Dictionary of National Biography, 1885-1900/Cibber, Theophilus
CIBBER, THEOPHILUS (1703–1758), actor and playwright, a son of Colley Cibber [q. v.], was born on 26 Nov. 1703, received his education at Winchester College, and made his first appearance on the stage in 1721, when he played the part of Daniel in the 'Conscious Lovers' at Drury Lane. Possessing considerable ability, and aided both by his father's influence and the patronage of Steele, he came quickly into favour with the public. 'The features of his face,' says Baker, 'were rather disgusting,' and his voice was peculiarly shrill; but these defects were largely balanced by his knowledge of stage business and his vivacity of manner. From 1 Sept. 1731 to 1 June 1732 he was a patentee of Drury Lane Theatre in the place of Colley Cibber, who had delegated the office to his son for 442l. At the end of that period Colley Cibber sold his patent, and the younger Cibber migrated to the little theatre in the Haymarket. In 1733 Cibber took the part of Bajazet in Rowe's 'Tamerlane' at Bartholomew Fair. His first wife, an actress of some slight distinction (Jenny Johnson), died in that year, leaving two daughters; and in April 1734 he married Susannah Maria Arne [see Cibber, Susannah Maria], then known only as a singer, but afterwards very famous as an actress. He returned in 1734 to Drury Lane, where for some time he was acting-manager. Pecuniary difficulties, caused by his incurable habits of extravagance, induced him to take a journey into France early in 1738 in order to be out of the reach of his creditors. Returning in the winter, he brought an action against a country gentleman named Sloper for criminal conversation with Mrs. Cibber. He claimed 5,000l., but the jury assessed the damages at 10l., as it was clearly established, in course of evidence, that Cibber had connived at the intimacy. In the following year he brought another action against Sloper for detaining Mrs. Cibber; he claimed 10,000l. damages, but was awarded only a twentieth part of that amount. About this time he entertained the notion of publishing by subscription his autobiography. His proposal had barely been laid before the public when there appeared 'An Apology for the Life of Mr. T… C… supposed to be written by himself,' London, 1740, a caustic review (ascribed to Fielding) of a not too reputable career. 'Who the low rogue of an author was,' wrote Cibber thirteen years afterwards (Lives and Characters of the most Eminent Actors), 'I could never learn.' When this 'Apology' was published, Cibber abandoned his project, and returned (he assures us) the subscriptions that he had received. In 1741-2 he was playing at Drury Lane, and in 1742-3 at Lincoln's Inn Fields. His services were engaged in the summer of 1743 at the Theatre Royal, Dublin, on which occasion he had a lively passage of arms with Thomas Sheridan. The dispute, which passed into a paper war, arose from Sheridan's refusal to act the part of Cato in Addison's play (Cibber personating Syphax) on finding that he was unable to obtain a certain robe that he considered indispensable to the part. In 1744 Cibber acted at the Haymarket, and from 1745 to 1749 at Covent Garden. Among his most successful characters were Lord Foppington in the 'Careless Husband,' Sir Francis Wronghead in the 'Provoked Husband,' Abel in the 'Committee,' and Ancient Pistol. In 1753 he published 'The Lives and Characters of the most Eminent Actors and Actresses of Great Britain and Ireland,' part i., to which is prefixed A Familiar Epistle...to Mr. William Warburton,' 8vo. In the introduction he states that he intended to write 'a regular account of the English and Irish stage with the lives of the deceased actors of whom I can speak more fully from the year 1720.' Part i., which contained a life of Barton Booth, was the beginning and the end of this undertaking. The epistle to Warburton was an answer to Warburton's attacks on Colley Cibber in the notes to the 'Dunciad.' In 1753 appeared 'An Account of the Lives of the Poets of Great Britain and Ireland,' 5 vols. 12mo, with the name of 'Mr. Cibber' on the title-page of the first volume, and with Theophilus Cibber's name attached to the later volumes. Dr. Johnson told Boswell that Cibber, who was then in the king's bench, accepted ten guineas from the sellers for allowing them to prefix his name to the lives, and that he had no hand in the authorship of the book, which was mainly written by Robert Shiels (Johnson's amanuensis); but the truth is that Gibber revised and improved the whole work and wrote some of the lives himself, receiving from the booksellers an honorarium of twenty guineas (Boswell's, Johnson, ed. Croker, 1848, pp. 504, 818). The book is largely based on earlier compilations by Langbaine, Jacob, Coxeter, and others, and contains little original matter of importance. In 1756 Cibber acted at the Haymarket, and was afterwards engaged at Covent Garden. In 1756 he published 'Dissertations on Theatrical Subjects as they have several times been delivered to the Public. . . . With an appendix which contains several matters relative to the Stage, not yet made public,' 8vo. The first dissertation contains an inquiry into the conduct of the patentees of Drury Lane Theatre and a protest against the growing popularity of farces; in the second dissertation Gibber draws a comparison between Garrick's acting of Lear and Barry's, giving the preference to the latter. Among the contents of the appendix is an epistle (which had been published in the previous year) to Garrick, in which Cibber complains of having received very ungenerous treatment from the great actor. Following the epistle are some letters to the Duke of Grafton, the lord-chamberlain, setting forth Cibber's grievances. In October 1758 Gibber embarked at Parkgate to cross to Dublin, where his services had been engaged by Sheridan to support the Theatre Royal in opposition to the newly opened theatre in Crow Street. The vessel was driven from its course and wrecked off the coast of Scotland; a few of the passengers were saved, but Cibber perished.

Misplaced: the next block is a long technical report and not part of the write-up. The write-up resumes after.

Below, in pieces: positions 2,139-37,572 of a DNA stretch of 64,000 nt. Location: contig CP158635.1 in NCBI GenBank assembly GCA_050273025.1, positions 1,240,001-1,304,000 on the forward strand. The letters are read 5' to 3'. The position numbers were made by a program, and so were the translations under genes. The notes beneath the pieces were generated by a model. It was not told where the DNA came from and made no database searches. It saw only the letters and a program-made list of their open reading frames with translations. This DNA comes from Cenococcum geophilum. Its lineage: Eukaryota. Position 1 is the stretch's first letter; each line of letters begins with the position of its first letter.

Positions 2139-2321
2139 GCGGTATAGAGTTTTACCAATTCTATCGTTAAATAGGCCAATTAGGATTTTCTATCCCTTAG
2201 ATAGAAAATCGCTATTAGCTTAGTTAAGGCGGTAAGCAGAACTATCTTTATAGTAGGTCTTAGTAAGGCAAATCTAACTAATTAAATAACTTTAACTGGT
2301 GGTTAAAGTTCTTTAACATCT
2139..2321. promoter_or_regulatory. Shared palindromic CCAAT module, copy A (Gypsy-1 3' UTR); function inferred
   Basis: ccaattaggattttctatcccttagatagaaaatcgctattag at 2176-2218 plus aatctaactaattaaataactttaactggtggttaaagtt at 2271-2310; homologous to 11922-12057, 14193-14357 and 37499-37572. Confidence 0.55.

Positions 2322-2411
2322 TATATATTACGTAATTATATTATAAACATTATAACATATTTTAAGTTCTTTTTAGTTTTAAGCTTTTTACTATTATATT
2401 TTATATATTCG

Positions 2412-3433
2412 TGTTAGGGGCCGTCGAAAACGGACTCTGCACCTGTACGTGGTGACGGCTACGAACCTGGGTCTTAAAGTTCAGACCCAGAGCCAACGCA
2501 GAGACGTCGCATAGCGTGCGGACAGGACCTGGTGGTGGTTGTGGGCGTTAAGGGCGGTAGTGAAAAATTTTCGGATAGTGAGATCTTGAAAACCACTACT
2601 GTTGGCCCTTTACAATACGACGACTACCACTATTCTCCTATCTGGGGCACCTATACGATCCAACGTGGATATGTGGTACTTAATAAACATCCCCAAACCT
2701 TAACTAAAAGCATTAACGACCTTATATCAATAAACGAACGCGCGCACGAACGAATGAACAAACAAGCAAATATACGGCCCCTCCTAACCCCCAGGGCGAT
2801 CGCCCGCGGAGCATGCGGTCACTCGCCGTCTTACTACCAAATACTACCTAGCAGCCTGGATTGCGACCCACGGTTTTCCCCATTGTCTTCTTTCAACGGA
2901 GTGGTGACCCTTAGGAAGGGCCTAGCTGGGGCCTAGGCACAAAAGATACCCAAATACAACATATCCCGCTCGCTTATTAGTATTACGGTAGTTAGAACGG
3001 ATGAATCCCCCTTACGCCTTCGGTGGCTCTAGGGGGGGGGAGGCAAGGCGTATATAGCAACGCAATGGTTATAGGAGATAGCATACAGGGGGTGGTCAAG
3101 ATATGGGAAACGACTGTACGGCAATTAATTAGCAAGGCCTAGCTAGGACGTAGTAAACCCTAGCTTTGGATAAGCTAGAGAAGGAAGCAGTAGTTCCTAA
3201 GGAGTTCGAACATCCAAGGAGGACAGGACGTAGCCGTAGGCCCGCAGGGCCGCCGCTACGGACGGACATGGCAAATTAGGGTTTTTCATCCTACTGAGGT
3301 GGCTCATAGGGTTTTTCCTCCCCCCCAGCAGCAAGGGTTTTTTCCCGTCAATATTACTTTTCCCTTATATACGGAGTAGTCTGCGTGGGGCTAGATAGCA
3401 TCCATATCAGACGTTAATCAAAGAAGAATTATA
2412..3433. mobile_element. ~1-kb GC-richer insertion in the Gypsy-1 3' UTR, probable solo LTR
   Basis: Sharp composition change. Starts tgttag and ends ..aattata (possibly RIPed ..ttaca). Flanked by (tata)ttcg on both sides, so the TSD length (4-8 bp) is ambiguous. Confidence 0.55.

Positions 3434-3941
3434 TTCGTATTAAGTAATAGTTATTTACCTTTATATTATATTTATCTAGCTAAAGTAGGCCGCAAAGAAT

Cibber's dramatic pieces are: 1. 'The Lover,' 1730, 8vo, acted at Drury Lane with no great success. It is dedicated to his first wife. 2. 'Patie and Peggy; or, the Fair Foundling. A Scotch ballad opera,' 1730, 8vo (in one act), founded on Ramsay's 'Gentle Shepherd;' acted at Drury Lane. The writer says it was planned and finished in one day. 3. 'The Harlot's Progress; or, the Ridotto al Fresco,' 1733, 4to, acted at Drury Lane; a short 'grotesque pantomime,' dedicated to Hogarth. Portraits of Hogarth and of Cibber (as Pistol) are prefixed. 4. 'The Auction,' 1757, 8vo, a farce acted at the Haymarket ; it consists merely of a few scenes from Fielding's 'Historical Register.' Two unprinted pieces have been ascribed to Cibber — 'Damon and Daphne,' a pastoral in two acts, performed (without success) at Drury Lane in May 1733; and 'The Mock Officer,' s. d. He also published alterations of 'Henry VI' (n. d., second edit. 1724), and of 'Romeo and Juliet' (1748). Appended to 'Romeo and Juliet' is 'A Serio-Gomic Apology for part of the life of Mr. Theophilus Cibber, Gomedian,' containing an account of his endeavours to get a license for the Haymarket. In 1733 Gibber published 'A Letter to J. Highmore,' in which he complained of the harsh treatment he had received from the patentees of Druiy Lane, and in 1752 defended himself in 'A Lick at a Liar, or Calumny detected, being an occasional letter to a friend,' from the charge of having defrauded his creditors.
[Biographia Dramatica, ed. Stephen Jones; Genest's History of the Stage, iii. 112, 423, 542-4, iv. 171, 530-6; The Tryals of two causes between Theophilus Cibber, gent., and William Sloper, esq., defendant (1740); Boswell's Johnson, ed. Croker, 1848, pp. 57, 504, 818; Notes and Queries, 1st ser. xii. 217, 2nd ser. vii. 410.]